Open Access

Modification of targets related to the Entner–Doudoroff/pentose phosphate pathway route for methyl-d-erythritol 4-phosphate-dependent carotenoid biosynthesis in Escherichia coli

Contributed equally
Microbial Cell Factories201514:117

Received: 13 February 2015

Accepted: 20 July 2015

Published: 12 August 2015



In engineered strains of Escherichia coli, bioconversion efficiency is determined by not only metabolic flux but also the turnover efficiency of relevant pathways. Methyl-d-erythritol 4-phosphate (MEP)-dependent carotenoid biosynthesis in E. coli requires efficient turnover of precursors and balanced flux among precursors, cofactors, and cellular energy. However, the imbalanced supply of glyceraldehyde 3-phosphate (G3P) and pyruvate precursors remains the major metabolic bottleneck. To address this problem, we manipulated various genetic targets related to the Entner–Doudoroff (ED)/pentose phosphate (PP) pathways. Systematic target modification was conducted to improve G3P and pyruvate use and rebalance the precursor and redox fluxes.


Carotenoid production was improved to different degrees by modifying various targets in the Embden–Meyerhof–Parnas (EMP) and ED pathways, which directed metabolic flux from the EMP pathway towards the ED pathway. The improvements in yield were much greater when the MEP pathway was enhanced. The coordinated modification of ED and MEP pathway targets using gene expression enhancement and protein coupling strategies in the pgi deletion background further improved carotenoid synthesis. The fine-tuning of flux at the branch point between the ED and PP pathways was important for carotenoid biosynthesis. Deletion of pfkAB instead of pgi reduced the carotenoid yield. This suggested that anaplerotic flux of G3P and pyruvate might be necessary for carotenoid biosynthesis. Improved carotenoid yields were accompanied by increased biomass and decreased acetate overflow. Therefore, efficient use of G3P and pyruvate precursors resulted in a balance among carotenoid biosynthesis, cell growth, and by-product metabolism.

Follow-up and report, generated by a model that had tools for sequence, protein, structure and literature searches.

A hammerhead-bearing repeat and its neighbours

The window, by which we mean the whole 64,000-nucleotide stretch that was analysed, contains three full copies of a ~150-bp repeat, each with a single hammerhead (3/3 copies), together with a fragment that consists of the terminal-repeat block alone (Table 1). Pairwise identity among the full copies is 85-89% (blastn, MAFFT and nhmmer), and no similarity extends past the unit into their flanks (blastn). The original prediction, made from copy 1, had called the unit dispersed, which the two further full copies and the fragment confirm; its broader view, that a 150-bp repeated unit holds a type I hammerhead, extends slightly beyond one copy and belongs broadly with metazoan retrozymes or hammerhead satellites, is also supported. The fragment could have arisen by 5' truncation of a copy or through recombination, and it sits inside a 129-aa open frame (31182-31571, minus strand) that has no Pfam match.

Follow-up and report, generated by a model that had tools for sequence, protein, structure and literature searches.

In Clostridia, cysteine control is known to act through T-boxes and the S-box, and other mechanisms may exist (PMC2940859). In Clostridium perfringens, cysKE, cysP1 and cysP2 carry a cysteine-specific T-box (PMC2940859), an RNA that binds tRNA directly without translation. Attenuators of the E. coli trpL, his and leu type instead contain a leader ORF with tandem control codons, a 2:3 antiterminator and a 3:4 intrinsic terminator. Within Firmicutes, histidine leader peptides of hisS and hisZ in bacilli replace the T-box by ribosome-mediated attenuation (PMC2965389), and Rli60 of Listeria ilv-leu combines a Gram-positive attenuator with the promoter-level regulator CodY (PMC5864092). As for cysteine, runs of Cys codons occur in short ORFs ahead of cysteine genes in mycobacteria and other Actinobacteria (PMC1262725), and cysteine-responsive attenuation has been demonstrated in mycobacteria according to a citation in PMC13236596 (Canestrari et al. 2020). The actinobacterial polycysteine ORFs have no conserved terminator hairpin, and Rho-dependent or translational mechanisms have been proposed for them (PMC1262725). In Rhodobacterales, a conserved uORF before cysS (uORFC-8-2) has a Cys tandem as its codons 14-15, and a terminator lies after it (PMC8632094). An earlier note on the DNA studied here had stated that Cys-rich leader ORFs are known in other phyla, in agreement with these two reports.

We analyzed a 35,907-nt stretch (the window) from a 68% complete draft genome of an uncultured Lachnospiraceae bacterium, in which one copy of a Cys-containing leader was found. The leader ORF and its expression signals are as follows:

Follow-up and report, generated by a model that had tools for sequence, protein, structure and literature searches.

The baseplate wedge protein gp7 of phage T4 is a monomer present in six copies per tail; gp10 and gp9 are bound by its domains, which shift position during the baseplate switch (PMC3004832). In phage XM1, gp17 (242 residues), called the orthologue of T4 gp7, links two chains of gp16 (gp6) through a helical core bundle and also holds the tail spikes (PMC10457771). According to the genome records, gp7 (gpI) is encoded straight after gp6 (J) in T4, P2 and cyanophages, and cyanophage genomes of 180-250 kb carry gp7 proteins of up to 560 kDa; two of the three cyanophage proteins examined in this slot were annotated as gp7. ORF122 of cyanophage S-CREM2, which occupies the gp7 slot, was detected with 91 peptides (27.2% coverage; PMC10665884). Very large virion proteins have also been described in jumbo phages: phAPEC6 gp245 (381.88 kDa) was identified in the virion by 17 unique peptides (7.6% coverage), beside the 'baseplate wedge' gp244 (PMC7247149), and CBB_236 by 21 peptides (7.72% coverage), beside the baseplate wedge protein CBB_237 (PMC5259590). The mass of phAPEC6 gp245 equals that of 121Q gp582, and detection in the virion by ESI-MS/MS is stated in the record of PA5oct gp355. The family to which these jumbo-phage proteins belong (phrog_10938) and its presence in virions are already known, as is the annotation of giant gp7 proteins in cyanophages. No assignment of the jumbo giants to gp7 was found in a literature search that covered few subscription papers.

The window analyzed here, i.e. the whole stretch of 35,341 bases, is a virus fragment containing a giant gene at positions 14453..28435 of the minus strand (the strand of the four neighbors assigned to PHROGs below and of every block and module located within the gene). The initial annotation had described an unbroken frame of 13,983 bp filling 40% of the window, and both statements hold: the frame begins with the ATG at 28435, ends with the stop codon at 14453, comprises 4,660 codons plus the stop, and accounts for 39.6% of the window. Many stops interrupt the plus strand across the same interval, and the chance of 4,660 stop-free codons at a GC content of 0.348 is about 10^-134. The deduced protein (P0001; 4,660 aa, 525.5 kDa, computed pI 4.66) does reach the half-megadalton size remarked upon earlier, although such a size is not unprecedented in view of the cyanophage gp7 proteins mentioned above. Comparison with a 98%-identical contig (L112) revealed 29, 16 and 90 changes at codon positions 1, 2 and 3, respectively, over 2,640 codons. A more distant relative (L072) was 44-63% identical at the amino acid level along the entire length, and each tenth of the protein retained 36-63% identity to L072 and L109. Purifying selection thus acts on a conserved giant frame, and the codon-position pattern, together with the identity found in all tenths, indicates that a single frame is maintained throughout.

An efficient and balanced MEP-dependent carotenoid bioconversion strategy involving both the ED and PP pathways was implemented by the coordinated modification of diverse central metabolic pathway targets. In this strategy, enhancement of the ED pathway for efficient G3P and pyruvate turnover was crucial for carotenoid production. The anaplerotic role of the PP pathway was important to supply precursors for the ED pathway. A balanced metabolic flux distribution among precursor supply, NADPH generation, and by-product pathways was established.


Carotenoid biosynthesis Methyl-d-erythritol 4-phosphate pathway Genetic targets Central metabolic pathways Escherichia coli Balance of precursors


Bioconversion by engineered microbes in cell factories is a promising alternative strategy to produce valuable chemicals, many of which are expensive to produce in their native hosts or by chemical processes [1, 2]. To construct an engineered strain with optimal phenotypes, the first steps are to enhance native pathways or introduce superior heterogeneous pathways for biosynthesis of target chemicals. Another strategy that can be more important and laborious is to seek and integrate separate genetic modification targets that improve productivity, even though the mechanisms of these targets are sometimes poorly understood.

The heterologous production of carotenoids in Escherichia coli is a well-studied example of an engineered microbial cell factory in which there has been coordinated modification of multiple targets [35]. Carotenoids are isoprenoid pigments naturally produced by plants, algae, and photosynthetic bacteria. They have attracted much attention for industrial use because of their diverse physiological effects and their potential applications as antioxidants and nutraceuticals [68]. Carotenoids are structurally derived from two universal isoprene units; isopentenyl diphosphate (IPP) and dimethylallyl diphosphate (DMAPP). There are two independent pathways for the biosynthesis of IPP and DMAPP: the mevalonate pathway from the precursor acetyl-CoA in eukaryotic and archaea cells, and the methyl-d-erythritol 4-phosphate pathway (MEP) pathway from the precursors pyruvate and glyceraldehyde-3-phosphate (G3P) in prokaryotic cells and plastids in plants. Bioconversion of carotenoids by engineered strain has been developed based on either of these two pathways [9, 10].